I know, I know. These are the illusions (or maybe delusions) of an idealist, right? Perhaps so. But, seriously, what if? Might the world at least be a better place if you and I made that a goal? And shared it with others in our circles? Hmmm, who knows what's possible?

Wednesday, December 4, 2013

Happiness is an 'inside job'

My birthday card from my sister has a wonderful message: "Don't go out expecting to find happiness. Bring it with you." The card sports a black-and-white photo of women decked out in hats and gloves with over-the-arm handbags, circa 1950 or so! You know the kind of card I'm describing. I'm sure you've seen them in card stores—or probably received one yourself.

Anyway, back to the message. What wise words. Happiness truly is an inside job, isn't it? It's not something outside of us.

How many times have you heard someone say how much happier they'll be once they move to a new state or new community—or once they find a new job or new relationship? Or perhaps you've said it yourself. I know there have been times when I thought that, too. I'll find happiness once this or that happens.

Now I know, however, that wherever I am and whoever I'm with, I bring all my baggage right along with me. That is, unless I've worked to let go of that baggage and make some changes in my life.

If you aren't content or happy right now, what needs to change within you to make that happen? Of what do you need to let go in order to feel happy and satisfied with your life? It's your choice—and your move. Go ahead. What are you waiting for?

Tuesday, December 3, 2013

Grief as a doorway

I'm aware of so many people for whom this entire holiday season is painful. Some have only recently experienced major loss, whether the death of a loved one, job loss or an awful medical diagnosis. Others have no family or close friends with regular traditions at the holidays. And some have memories of holidays past when they did experience loss. My heart goes out to all who find themselves wishing they could wake up tomorrow well into the month of January. It's not an easy time for them.

Each one of us experiences loss, sadness and grief so differently. Some people bury it deeply inside and carry on in stoic fashion. Others wear their pain and hurt openly. Some cry and cry. Others don't shed a tear. Some move on without examining their loss and grief. Others work hard to experience it, let go and move on. There isn't a right or wrong way. There's simply your authentic way of handling it.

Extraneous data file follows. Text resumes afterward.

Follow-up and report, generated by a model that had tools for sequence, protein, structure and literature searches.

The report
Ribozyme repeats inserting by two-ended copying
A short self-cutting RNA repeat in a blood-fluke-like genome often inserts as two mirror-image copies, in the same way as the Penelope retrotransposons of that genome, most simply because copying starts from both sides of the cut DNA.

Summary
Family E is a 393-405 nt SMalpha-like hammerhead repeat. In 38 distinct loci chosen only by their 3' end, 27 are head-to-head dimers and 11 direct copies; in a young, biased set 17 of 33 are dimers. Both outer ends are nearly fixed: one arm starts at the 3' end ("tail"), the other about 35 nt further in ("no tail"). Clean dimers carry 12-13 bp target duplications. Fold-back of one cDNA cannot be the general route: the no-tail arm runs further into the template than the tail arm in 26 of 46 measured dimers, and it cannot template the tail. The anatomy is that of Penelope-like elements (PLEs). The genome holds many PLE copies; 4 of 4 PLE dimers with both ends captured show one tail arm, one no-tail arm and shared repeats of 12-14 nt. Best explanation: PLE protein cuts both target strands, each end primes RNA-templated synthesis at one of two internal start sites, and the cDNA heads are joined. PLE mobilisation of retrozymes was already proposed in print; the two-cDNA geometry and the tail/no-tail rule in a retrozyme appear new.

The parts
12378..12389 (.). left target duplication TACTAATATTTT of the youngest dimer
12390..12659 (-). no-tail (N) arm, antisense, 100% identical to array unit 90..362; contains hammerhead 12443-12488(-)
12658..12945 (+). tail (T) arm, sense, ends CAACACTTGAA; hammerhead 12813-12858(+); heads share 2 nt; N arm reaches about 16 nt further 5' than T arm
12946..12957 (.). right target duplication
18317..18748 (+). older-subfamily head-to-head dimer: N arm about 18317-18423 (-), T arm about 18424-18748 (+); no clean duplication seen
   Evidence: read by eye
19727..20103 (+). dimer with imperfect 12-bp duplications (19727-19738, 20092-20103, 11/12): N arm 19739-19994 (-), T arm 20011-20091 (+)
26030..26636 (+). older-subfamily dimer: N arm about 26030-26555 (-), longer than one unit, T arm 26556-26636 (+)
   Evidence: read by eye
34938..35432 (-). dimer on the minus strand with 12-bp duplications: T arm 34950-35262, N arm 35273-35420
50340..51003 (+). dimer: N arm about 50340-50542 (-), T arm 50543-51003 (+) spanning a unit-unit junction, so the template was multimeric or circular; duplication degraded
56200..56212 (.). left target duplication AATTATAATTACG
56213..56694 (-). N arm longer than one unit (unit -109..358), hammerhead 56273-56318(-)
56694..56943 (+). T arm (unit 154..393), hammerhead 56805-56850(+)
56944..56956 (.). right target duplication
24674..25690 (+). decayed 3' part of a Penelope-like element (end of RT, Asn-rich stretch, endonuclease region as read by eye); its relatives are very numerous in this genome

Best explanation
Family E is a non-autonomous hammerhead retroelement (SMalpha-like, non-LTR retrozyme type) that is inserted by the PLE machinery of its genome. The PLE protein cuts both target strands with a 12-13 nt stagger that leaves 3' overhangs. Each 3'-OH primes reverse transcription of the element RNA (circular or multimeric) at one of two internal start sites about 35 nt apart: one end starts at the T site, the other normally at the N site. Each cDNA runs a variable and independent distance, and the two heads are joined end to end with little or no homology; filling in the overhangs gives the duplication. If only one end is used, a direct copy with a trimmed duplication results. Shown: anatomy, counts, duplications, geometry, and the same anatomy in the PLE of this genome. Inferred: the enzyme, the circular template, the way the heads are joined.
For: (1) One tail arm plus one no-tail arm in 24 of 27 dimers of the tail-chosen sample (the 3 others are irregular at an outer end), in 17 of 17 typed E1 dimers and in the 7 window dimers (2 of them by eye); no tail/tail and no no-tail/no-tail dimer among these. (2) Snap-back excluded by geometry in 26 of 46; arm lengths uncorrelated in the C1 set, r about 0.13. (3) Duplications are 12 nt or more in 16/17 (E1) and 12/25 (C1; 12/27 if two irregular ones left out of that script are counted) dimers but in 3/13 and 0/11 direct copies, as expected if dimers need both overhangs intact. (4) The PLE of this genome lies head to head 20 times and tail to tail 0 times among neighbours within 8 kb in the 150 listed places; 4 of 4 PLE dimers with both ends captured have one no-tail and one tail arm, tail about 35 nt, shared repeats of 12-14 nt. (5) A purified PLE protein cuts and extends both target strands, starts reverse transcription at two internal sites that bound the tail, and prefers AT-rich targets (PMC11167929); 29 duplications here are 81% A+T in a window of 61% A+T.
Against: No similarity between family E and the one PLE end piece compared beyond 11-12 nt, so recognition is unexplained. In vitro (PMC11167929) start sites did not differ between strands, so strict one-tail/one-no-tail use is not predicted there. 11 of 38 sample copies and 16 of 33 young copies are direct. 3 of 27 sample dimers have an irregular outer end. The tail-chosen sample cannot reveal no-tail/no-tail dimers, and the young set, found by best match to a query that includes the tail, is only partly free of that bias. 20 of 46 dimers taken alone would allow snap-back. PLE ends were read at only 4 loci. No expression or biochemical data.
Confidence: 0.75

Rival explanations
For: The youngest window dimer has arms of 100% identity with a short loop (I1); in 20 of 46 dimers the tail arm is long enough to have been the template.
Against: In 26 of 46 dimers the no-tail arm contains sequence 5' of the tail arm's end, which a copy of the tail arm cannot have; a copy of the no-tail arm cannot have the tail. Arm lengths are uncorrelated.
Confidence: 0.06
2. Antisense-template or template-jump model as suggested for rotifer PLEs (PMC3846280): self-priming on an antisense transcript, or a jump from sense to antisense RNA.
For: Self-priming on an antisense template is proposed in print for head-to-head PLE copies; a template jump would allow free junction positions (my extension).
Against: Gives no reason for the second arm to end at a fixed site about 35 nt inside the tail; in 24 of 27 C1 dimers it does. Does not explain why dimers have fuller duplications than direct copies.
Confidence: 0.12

I was really struck by a comment on Facebook last week because it speaks to my particular way of dealing with grief. The writer said, "Grief is a felt experience of love for something lost.... That is an incredibly powerful doorway."

The image of a doorway resonated deep within me. I always want to believe that once I experience the pain and once I get to the point of letting go, the entire experience will have been an open doorway to me for I-know-not-what. I have no idea what lessons or new dreams lie beyond that doorway. Not until I walk through. But grief almost always has, eventually, provided that "incredibly powerful doorway" for me.

What's been your experience of grief and loss? How do you get through? Do the holidays exacerbate this for you? If so, be sure to find someone with whom to talk about it. You don't have to suffer alone.

Monday, December 2, 2013

Only one of you

There is no one else quite like you in the entire world—no one with your unique characteristics and gifts, no one called to do exactly what you do in the way you do it.

Isn't that absolutely incredible and amazing to think about? Only one of you. The mold was broken when you were made. Not another person on the planet exactly like you.

Even if you're a twin, you are not the same as that other person in every respect. Nor have you been given the same work to do in this world.

Several years ago I heard psychiatrist and author Jean Shinoda Bolen speak at a women's conference in Mobile, Alabama. She invited each of us to think of what our "assignment" on this planet was. "You each came with an assignment to do something specific," she told us, "and you've been given the gifts to accomplish that assignment." She sees her assignment as a "message carrier." On her website, here's what she says about assignments: "As one phase of life shifts into the next, energy becomes free to take on something that is personally meaningful, fun, creative and motivated by love—my definition of 'assignment.'"

I don't believe Bolen means that there's only one job or career that's right for us. What I recall her telling us at the conference is that "assignment" should be seen in a much broader sense. Personally, I think you can bring your passion and your gifts to more than one job (and surely also to volunteer positions) that is "personally meaningful, fun, creative and motivated by love." For example, I see myself as an encourager. So no matter what career I'm in or for which organization I volunteer, I will motivate others and encourage them. It's just what I do.

What's your assignment? What's authentic for you? Celebrate your uniqueness—and bring your gifts and passions into the world in a creative way that's just right for you. It will bring you joy, and the ripple effect will be amazing!